from the Charlie-Brown-and-Lucy-football dept
Telecom monopolies have a pretty good racket going. They’ll consistently demand all manner of tax cuts, subsidies, and other government perks in exchange for A: jobs that never actually materialize, or B: broadband network expansions that somehow never actually arrive. The nation’s telcos in particular have received countless billions in taxpayer subsidies to expand their broadband networks, yet time and time again we’ve shown how they’ve wiggled out of these obligations, leaving huge swaths of America left outside of the reach of fast, inexpensive, competitive broadband (that’s particularly true in poor urban and rural areas).
Yet somehow, we here in America never quite learn the lesson. Case in point: you might recall that in late 2017 AT&T CEO Randall Stephenson told anybody who’d listen that the Trump era tax cuts (which granted AT&T a $20 billion one-time windfall and $3 billion in extra cash every year thereafter) would create upwards of 7,000 new high-paying jobs paying $70-$80k. The CEO also tried to claim that as a direct result of the tax cuts it would be doling out $1000 bonuses to roughly 200,000 employees.
Funny story, but those promised jobs never arrived. AT&T did technically add some jobs, but they were of the dirt cheap, off-shored labor variety. In reality, union data suggests the company cut 10,700 US jobs in the year since Stephenson made his statement. This was on the heels of the 44 call centers and 16,000 jobs AT&T had already cut since 2011. And those bonuses? While employees did receive them, it was later revealed they had already been arranged as part of union negotiations, and had nothing to do with the Trump tax cuts. Even then, they accounted for about 7% of just one year of AT&T’s new tax benefits.
Fast forward to this week, when insiders at AT&T informed me that the company is planning yet another round of significant layoffs at the company as it attempts to pivot from grumpy old telco to sexy new Millennial advertising company:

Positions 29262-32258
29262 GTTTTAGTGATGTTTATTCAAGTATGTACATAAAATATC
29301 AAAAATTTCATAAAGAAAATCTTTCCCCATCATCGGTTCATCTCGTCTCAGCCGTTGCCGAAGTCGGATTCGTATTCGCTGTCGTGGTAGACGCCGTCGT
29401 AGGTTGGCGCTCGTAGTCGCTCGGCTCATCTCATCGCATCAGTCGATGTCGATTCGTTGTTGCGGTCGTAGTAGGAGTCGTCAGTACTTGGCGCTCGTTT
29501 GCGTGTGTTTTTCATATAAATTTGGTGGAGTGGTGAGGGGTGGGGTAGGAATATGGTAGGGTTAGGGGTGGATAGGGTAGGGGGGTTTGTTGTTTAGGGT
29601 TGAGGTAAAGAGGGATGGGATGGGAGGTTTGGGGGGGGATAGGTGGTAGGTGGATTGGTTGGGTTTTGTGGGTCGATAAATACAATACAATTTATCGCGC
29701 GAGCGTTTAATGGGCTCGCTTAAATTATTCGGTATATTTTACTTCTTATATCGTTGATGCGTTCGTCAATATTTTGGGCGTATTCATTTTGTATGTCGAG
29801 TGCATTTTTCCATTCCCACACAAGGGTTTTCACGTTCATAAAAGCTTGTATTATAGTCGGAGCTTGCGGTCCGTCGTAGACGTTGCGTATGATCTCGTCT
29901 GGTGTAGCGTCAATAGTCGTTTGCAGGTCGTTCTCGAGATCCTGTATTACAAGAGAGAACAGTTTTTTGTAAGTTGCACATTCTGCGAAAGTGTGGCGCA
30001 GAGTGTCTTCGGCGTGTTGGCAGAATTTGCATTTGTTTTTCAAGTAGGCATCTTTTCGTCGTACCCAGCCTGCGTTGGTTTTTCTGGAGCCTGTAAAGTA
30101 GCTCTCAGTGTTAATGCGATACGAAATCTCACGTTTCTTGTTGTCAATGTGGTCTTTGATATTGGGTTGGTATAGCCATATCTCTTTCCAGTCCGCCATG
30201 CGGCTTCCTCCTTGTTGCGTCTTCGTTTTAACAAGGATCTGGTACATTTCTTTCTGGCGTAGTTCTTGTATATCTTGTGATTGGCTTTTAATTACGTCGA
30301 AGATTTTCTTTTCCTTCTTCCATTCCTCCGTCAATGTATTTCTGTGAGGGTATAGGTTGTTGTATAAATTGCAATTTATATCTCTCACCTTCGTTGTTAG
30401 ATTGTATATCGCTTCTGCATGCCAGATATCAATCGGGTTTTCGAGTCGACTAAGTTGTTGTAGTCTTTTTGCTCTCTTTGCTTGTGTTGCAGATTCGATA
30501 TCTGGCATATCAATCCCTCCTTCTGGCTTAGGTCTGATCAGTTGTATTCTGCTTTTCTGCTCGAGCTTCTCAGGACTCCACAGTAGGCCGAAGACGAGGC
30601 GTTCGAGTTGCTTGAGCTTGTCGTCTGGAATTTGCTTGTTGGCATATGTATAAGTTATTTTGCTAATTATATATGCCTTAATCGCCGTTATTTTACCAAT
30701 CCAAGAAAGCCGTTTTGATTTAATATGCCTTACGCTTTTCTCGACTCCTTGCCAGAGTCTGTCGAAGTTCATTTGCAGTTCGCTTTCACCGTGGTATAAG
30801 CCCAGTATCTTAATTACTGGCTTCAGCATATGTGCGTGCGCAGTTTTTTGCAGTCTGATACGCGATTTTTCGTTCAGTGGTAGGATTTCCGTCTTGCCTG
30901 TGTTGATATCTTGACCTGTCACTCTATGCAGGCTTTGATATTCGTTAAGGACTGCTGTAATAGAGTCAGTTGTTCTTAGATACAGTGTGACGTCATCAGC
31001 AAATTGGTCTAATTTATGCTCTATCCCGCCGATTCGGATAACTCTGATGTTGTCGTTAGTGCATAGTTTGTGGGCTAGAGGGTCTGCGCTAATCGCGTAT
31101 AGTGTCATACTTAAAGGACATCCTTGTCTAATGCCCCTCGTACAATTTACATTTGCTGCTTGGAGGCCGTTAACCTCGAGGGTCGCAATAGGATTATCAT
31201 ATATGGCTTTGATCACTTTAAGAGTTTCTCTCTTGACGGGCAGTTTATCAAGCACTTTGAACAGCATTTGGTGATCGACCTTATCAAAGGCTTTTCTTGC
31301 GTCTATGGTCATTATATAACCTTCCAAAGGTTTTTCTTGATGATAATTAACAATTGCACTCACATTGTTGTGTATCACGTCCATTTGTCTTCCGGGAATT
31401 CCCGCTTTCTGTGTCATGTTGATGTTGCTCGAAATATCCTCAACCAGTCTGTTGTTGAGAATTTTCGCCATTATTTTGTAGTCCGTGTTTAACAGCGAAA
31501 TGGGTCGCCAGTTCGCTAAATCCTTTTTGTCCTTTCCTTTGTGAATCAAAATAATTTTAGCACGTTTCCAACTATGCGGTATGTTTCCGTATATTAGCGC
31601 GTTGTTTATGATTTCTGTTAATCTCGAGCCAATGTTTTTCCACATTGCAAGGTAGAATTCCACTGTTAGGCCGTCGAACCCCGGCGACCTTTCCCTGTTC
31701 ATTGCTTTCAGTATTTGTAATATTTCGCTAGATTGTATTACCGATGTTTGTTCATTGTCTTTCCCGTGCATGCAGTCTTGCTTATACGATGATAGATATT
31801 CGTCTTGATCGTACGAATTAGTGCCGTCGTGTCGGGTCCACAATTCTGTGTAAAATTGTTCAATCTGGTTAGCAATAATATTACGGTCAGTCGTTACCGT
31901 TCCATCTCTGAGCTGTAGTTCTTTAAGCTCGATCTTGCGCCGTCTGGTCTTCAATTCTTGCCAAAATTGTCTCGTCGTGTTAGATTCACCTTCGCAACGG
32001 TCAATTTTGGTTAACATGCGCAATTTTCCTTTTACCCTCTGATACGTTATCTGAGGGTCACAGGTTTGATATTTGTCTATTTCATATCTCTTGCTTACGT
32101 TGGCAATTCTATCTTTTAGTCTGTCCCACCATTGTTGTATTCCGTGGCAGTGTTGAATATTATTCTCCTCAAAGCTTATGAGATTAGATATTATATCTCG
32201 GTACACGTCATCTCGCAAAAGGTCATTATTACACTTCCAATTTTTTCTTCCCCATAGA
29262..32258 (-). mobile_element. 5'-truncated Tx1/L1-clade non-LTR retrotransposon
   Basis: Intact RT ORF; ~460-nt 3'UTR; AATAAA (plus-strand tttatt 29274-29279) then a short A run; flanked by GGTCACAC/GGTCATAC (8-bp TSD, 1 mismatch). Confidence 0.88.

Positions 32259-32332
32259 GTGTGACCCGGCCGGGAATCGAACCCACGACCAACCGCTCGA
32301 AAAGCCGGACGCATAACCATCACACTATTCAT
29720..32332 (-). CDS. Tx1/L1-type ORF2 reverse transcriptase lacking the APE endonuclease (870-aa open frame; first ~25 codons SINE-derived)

“A source at AT&T who asked to remain anonymous because they were not authorized to speak publicly told Motherboard that company leadership is planning what it’s calling a “geographic rationalization” and employment “surplus” reduction that will consolidate some aspects of AT&T operations in 10 major operational hubs in New York, California, Texas, New Jersey, Washington State, Colorado, Georgia, Illinois, Missouri, and Washington, DC. A spokesperson for AT&T confirmed to Motherboard that it is planning to “adjust” its workforce.”
AT&T downplayed the scope of the layoffs in my conversations with the company, but employees tell me they believe that as AT&T consolidates its network workforce in these key cities, a significant number of employees will lose their jobs if they’re outside of this footprint and unwilling or unable to relocate. While AT&T informed me the layoffs would only impact a “very small” number of employees, we should be able to fact check that claim in a few weeks or months when the cuts are made official.
On one hand, you can understand that a company flush with antiquated copper landlines might need to streamline its roster as it refocuses on streaming video over wireless. On the other hand, this is not the future AT&T promised in the wake of not only receiving tens-of-millions in tax breaks, but the incalculable billions it stands to make courtesy of the attack on net neutrality and FCC authority. The moves closely mirror similar ones made by Verizon, which responded to the huge cash influx not with hiring or raises, but with a massive, 10,000 employee workforce reduction.
About five years ago even the Wall Street Journal was forced to concede that throwing tax cuts at giant telecom monopolies never actually nets the job and investment promises the companies and their well-lobbied lawmaker pals claim they will. Everybody knows these kinds of perks go right into executive and investor pockets, yet every few years we engage in this adorable little stage play where we pretend these kinds of telecom subsidies, tax breaks, and deregulatory favors actually aid the common good, despite the fact history repeatedly shows us that’s never been, nor will ever be, actually true.